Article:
Forza Motorsport 6 - Review
This year, however, it is up to Forza Motorsport 6, a simulation that continues with sails leveled towards perfection without putting aside its exquisitely scalable soul. It is the prerogative of the series by Dan Greenawalt and associates, in fact, to make the highly realistic gameplay accessible to any type of player: not only the difficulty of the revolutionary artificial intelligence, but all aspects of the game can be balanced to bring the experience closer or further away. more complex racing simulators.
A factor, the latter, which also paves the way for the use of the controller, an integral part of the console ecosystem that Forza does not reject and, indeed, with Xbox One even manages to enhance. It will not be like having an ultra-professional steering wheel station, but playing by holding the pad of the Microsoft console returns a feeling that must necessarily be rewarded: thanks to the vibration of the triggers, which, for example, are able to reproduce the passage of the wheels on the curbs or the intensity of braking, the dive literally skyrockets.
But what's new, this Forza Motorsport 6? First of all, there is a decidedly richer offer in terms of content than its predecessors. The developers have in fact started from the half misstep of Forza Motorsport 5 to propose the beauty of 460 Forzavista cars, or vehicles reproduced in detail to be observed closely thanks to the special mode, and 26 locations for a total of clearly marked tracks. higher than in previous chapters. Then there are two new features taken with conviction by Forza Horizon 2 and ferried very well in circuit racing: races in the rain and at night.
Both conditions have a different influence on the progress of the race, going to package, as one might expect from the franchise, an even more realistic simulation than in the past. It is in particular the stormy runs in the wet that give back a sensation of tangible instability with extended braking and risky aquaplaning phenomena. In these phases you notice even more the realism and meticulous attention to details that have always been inherent in Turn 10 and enhanced by the new ForzaTech engine: the circuits are digitized with a special laser technique and you should therefore not be surprised if, taking a curve of the mythological Spa-Francorchamps, you will find yourself in furious off the track for a puddle positioned just like in the more tense Sunday Grand Prix. Equally dangerous, and perhaps even more spectacular, are the events at night: the thrill returned by poor visibility and the exceptional play of light guarantee that extra bit of emotion and fun that, let's face it, was missing a little in Forza Motorsport.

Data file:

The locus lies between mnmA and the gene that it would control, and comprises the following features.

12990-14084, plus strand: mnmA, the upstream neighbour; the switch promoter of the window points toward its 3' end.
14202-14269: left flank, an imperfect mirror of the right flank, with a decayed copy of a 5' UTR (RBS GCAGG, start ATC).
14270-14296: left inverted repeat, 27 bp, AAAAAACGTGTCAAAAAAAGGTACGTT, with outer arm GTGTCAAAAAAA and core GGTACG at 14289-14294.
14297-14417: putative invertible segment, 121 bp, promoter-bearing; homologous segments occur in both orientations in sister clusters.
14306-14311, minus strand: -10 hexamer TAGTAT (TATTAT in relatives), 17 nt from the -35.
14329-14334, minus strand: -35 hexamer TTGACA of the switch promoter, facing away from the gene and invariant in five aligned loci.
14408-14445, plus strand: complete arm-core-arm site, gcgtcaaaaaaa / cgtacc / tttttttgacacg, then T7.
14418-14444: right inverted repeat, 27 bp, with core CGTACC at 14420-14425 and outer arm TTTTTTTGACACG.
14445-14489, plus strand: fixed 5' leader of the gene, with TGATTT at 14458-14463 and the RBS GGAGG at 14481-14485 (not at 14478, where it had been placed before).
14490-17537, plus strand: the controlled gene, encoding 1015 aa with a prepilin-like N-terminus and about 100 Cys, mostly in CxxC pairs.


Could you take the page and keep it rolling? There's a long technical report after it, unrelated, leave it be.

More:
To all this must obviously be added the whole series of splendid words that have long been spent on the driving system, the engine that supports collisions and the physics of the game. In Forza Motorsport 6 the situation is even improved from the point of view of feeling, which is even more devoted to realism with a series of not bad tricks: during my test the grip of the wheels on the asphalt, the heaviness of the vehicles, the feeling of slope and the reactions of the suspensions created situations much closer to reality than I remembered. A factor to be taken into account especially for those who appreciate the more simulative side of Forza and entertain themselves with hours of precise overtaking and sinuous blows on the brake lever.
There are the simpler single races, but the main focus of Forza Motorsport 6 is the long-running and massive Career mode. With more than seventy hours of guaranteed gameplay, Turn 10 Studios' racing career is designed to take the player on a journey to discover the history of motor racing. We advance by category reaching the apex of the disciplines, interspersing the classic phases with events in succession to the Exhibitions, special races with new challenges, historical rivalries or famous cars. The latter is also an introduction derived from Forza Horizon and which, I must admit, I appreciated very much because it does so much to diversify a mode that over time could be tedious and monotonous even for the most patient of pilots.
This is where, to be clear, the nice races against The Stig of Top Gear will take place or you will face a demanding Endurance in Le Mans to give a decisive turn to the fun factor, which in this chapter therefore does not come exclusively from the satisfaction returned by the simulation driving system, but also to a greater extent by the glitz of the races. Climbing the rankings you will obviously level up (when you will find yourself extracting random gifts, in a sort of “Wheel of Fortune” called Tire), earning enough money to allow you to access new cars and modifications.